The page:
Buying a Home—Step 2: Find an agent

Home / Buying a Home—Step 2: Find an agent

An agent can represent you or the seller, but loyalties to each party differ depending on which party the agent represents. You must understand the differences between a buyer's agent and a seller's agent before you talk to anyone about your real estate needs.

You may have heard that you can "get a better deal" by contacting a home's listing agent? Not necessarily. That person represents the seller and is contractually bound to get the best deal for the seller. It doesn't mean the agent can't work with you in a fair and professional manner, but it does mean there could be a conflict of interests.

You should understand from the beginning of your relationship with your real estate agent what type of relationship exists. In most states, real estate agents (both brokers and sales associates alike) are required by law to let consumers know whether they represent the buyer or the seller.

In the past, real estate agents represented the seller exclusively, whether the agent helped a seller to market and sell the home or helped a buyer find and purchase the home. In other words, agents were at one time legally bound to represent the seller in a residential real estate transaction. In that same scenario, the seller paid both the listing agent and the agent who brought the buyer.

However, in today's real estate market, you can choose between a wide variety of representation options. If you want to sell a home, you can list with a "seller's agent." If you're purchasing a home in Montana, you can work with a "buyer's agent".

An additional situation in some states is dual agency. This type of agency exists when the buyer decides to have the seller's agent prepare the offer on the buyer's behalf. A buyer who elects this situation, and all additional parties to a transaction, should receive full disclosure of representation. In some states, dual agency also affects the real estate professional's fiduciary responsibilities to the seller.

Keep in mind that real estate laws differ from state to state and even from locale to locale. And within this framework of variety, laws can change. For more in-depth answers for your specific situation, talk with a knowledgeable real estate professional and ask about local practices. Be sure that you understand and are comfortable with the options involved when you engage the services of a real estate agent.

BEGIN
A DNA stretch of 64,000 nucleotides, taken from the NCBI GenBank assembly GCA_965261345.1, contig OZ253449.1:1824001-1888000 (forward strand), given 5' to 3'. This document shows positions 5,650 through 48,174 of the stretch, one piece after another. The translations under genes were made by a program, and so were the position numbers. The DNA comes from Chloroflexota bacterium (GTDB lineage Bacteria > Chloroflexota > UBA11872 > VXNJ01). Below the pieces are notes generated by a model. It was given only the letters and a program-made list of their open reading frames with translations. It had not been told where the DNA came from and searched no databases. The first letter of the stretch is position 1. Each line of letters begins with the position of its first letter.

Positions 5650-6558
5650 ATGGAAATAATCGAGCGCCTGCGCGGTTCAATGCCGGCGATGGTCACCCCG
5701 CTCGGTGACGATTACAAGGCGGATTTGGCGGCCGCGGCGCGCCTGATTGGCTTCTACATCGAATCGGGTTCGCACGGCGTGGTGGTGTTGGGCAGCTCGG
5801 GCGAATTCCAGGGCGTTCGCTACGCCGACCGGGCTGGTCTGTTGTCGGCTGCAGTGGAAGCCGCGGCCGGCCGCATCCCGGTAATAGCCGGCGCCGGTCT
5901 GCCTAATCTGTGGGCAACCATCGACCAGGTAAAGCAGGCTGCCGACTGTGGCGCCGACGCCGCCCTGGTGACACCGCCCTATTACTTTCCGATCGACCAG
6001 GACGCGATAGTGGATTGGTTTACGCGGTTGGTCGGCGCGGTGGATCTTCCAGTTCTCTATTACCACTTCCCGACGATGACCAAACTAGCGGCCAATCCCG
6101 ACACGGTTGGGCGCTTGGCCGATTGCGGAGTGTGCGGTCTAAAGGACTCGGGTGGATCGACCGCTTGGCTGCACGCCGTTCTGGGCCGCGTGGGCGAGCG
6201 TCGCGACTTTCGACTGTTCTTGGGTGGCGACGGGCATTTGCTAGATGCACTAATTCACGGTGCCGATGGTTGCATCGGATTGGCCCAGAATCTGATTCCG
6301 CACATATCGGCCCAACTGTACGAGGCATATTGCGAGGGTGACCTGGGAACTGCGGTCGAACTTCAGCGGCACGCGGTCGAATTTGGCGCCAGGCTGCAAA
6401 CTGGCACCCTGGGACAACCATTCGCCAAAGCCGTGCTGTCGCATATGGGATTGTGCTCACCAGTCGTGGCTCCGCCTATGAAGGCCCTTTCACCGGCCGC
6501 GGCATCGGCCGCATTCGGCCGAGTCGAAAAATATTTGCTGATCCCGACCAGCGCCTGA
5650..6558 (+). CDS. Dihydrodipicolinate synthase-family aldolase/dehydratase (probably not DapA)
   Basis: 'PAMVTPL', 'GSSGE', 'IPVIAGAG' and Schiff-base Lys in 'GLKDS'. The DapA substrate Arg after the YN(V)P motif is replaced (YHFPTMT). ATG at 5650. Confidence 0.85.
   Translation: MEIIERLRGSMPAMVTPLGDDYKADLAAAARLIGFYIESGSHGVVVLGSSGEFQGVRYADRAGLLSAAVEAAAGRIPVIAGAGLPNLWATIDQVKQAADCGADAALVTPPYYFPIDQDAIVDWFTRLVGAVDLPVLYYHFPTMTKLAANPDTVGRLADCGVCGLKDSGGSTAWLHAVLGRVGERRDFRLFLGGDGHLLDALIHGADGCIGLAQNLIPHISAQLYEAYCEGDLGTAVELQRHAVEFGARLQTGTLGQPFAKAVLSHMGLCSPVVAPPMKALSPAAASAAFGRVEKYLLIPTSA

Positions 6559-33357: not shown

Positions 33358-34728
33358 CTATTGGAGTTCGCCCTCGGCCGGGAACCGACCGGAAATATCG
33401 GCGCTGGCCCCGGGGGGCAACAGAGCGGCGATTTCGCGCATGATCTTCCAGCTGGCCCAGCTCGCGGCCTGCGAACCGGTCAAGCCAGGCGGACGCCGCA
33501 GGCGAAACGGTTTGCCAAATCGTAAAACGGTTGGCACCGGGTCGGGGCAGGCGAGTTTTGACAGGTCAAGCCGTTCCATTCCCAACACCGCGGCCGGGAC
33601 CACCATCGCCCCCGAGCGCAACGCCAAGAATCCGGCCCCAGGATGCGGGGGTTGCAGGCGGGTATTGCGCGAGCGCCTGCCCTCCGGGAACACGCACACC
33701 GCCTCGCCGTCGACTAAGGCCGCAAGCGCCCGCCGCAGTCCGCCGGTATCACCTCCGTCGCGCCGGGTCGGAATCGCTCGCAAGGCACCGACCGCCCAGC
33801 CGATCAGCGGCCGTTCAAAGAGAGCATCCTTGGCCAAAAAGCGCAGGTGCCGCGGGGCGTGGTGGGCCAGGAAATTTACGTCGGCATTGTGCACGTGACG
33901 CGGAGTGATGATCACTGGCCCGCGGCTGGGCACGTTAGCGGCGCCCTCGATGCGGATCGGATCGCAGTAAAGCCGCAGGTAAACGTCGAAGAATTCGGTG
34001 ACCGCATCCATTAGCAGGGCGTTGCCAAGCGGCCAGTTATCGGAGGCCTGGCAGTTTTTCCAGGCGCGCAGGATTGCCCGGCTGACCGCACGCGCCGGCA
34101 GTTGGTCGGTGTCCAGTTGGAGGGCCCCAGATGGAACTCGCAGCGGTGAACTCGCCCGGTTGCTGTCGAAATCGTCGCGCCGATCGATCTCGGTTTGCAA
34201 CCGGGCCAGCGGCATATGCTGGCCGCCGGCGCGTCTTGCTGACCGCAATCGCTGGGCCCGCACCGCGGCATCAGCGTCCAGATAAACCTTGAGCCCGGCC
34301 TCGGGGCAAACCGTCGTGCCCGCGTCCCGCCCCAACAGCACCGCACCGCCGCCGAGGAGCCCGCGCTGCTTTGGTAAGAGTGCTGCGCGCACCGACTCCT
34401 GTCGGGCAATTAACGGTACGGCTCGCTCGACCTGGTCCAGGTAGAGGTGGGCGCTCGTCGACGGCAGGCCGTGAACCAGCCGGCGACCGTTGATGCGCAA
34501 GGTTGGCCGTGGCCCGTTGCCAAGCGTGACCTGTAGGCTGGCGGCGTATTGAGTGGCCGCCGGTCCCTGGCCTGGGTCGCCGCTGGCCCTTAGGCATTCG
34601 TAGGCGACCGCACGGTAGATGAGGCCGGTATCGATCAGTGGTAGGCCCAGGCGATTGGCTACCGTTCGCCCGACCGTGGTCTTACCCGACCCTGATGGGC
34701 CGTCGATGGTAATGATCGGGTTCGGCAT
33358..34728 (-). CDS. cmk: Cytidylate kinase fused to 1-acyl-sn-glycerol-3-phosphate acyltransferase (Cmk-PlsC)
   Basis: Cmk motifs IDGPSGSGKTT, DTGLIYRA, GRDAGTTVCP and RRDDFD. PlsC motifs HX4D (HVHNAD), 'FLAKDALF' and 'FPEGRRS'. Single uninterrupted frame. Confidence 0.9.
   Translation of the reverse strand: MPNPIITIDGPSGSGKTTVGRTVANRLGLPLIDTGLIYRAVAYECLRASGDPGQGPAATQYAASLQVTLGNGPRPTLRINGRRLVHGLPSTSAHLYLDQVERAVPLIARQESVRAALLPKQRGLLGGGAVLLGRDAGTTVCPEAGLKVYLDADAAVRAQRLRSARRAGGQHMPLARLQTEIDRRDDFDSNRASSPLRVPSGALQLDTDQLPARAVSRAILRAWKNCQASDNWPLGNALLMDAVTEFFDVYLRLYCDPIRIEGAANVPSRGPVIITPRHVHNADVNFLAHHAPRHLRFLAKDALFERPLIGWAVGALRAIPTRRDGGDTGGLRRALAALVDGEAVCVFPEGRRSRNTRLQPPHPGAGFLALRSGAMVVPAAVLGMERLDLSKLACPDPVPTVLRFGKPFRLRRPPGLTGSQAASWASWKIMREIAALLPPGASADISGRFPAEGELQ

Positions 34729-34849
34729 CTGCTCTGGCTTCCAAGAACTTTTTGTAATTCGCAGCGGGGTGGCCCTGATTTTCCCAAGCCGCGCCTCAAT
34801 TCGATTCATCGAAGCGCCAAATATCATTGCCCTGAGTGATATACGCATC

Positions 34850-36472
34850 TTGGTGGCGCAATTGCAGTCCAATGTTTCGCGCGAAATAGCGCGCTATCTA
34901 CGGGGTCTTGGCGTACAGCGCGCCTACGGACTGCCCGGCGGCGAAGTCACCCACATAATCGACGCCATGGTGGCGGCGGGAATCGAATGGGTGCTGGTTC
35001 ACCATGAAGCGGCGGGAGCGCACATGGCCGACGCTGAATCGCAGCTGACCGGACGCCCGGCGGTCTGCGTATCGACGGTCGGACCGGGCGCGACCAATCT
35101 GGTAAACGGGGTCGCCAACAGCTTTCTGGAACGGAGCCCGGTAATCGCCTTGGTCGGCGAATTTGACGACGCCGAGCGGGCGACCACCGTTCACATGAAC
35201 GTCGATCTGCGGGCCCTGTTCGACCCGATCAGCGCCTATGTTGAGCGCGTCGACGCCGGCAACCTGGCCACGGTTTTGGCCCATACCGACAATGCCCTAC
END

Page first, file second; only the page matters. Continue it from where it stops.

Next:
You may want to talk with several agents until you find one you feel comfortable with. Do NOT sign a buyer agency contract with an agent until you are sure that agent is the one you wish to represent you.

The busiest agent in town isn't necessarily the best choice. The goal is to find someone who you feel is ethical, someone who will keep your needs in mind on a daily basis. That can be any agent, seasoned or brand new.

Quality customer service is the combination of personalized attention with instant information. Today's real estate agents do more than host open houses or take you on tours of homes—they are trained customer service professionals who are relationship focused and technologically empowered. At our agents exemplify our belief that "what's important to us is you."

A quality agent is someone who listens to you, understands the market in which you are looking, and is able to communicate in an effective way to meet your needs. Agents are trained experts in negotiation as well as transaction forms and finance options.

When you're shopping for a home, access to information is invaluable. When you contact, your questions will be quickly answered for FREE. Our agents provide industry leading technology and customer service, allowing you to get comprehensive information about homes on the market, take tours of these homes in person, and get information as new homes come onto the market.

At, we look forward to helping you and your family with all of your real estate needs.


  • Home buyers should be able to expect loyalty and confidentiality from a buyer's agent.
  • The agent should promote your best interests and provide you with all available facts that could influence your decision about making an offer for a home.
  • A buyer's agent will offer research materials that help you make a realistic offer.
  • A buyer's agent should give you the "what if" scenarios about the clauses in a contract. The agent may recommend additional contract contingencies to protect your interests.
  • A buyer's agent should track and handle many of the day-to-day needs required to get to closing (such as inspections, helping you find a lender, tracking the progress of the loan, working with the closing attorney or agent).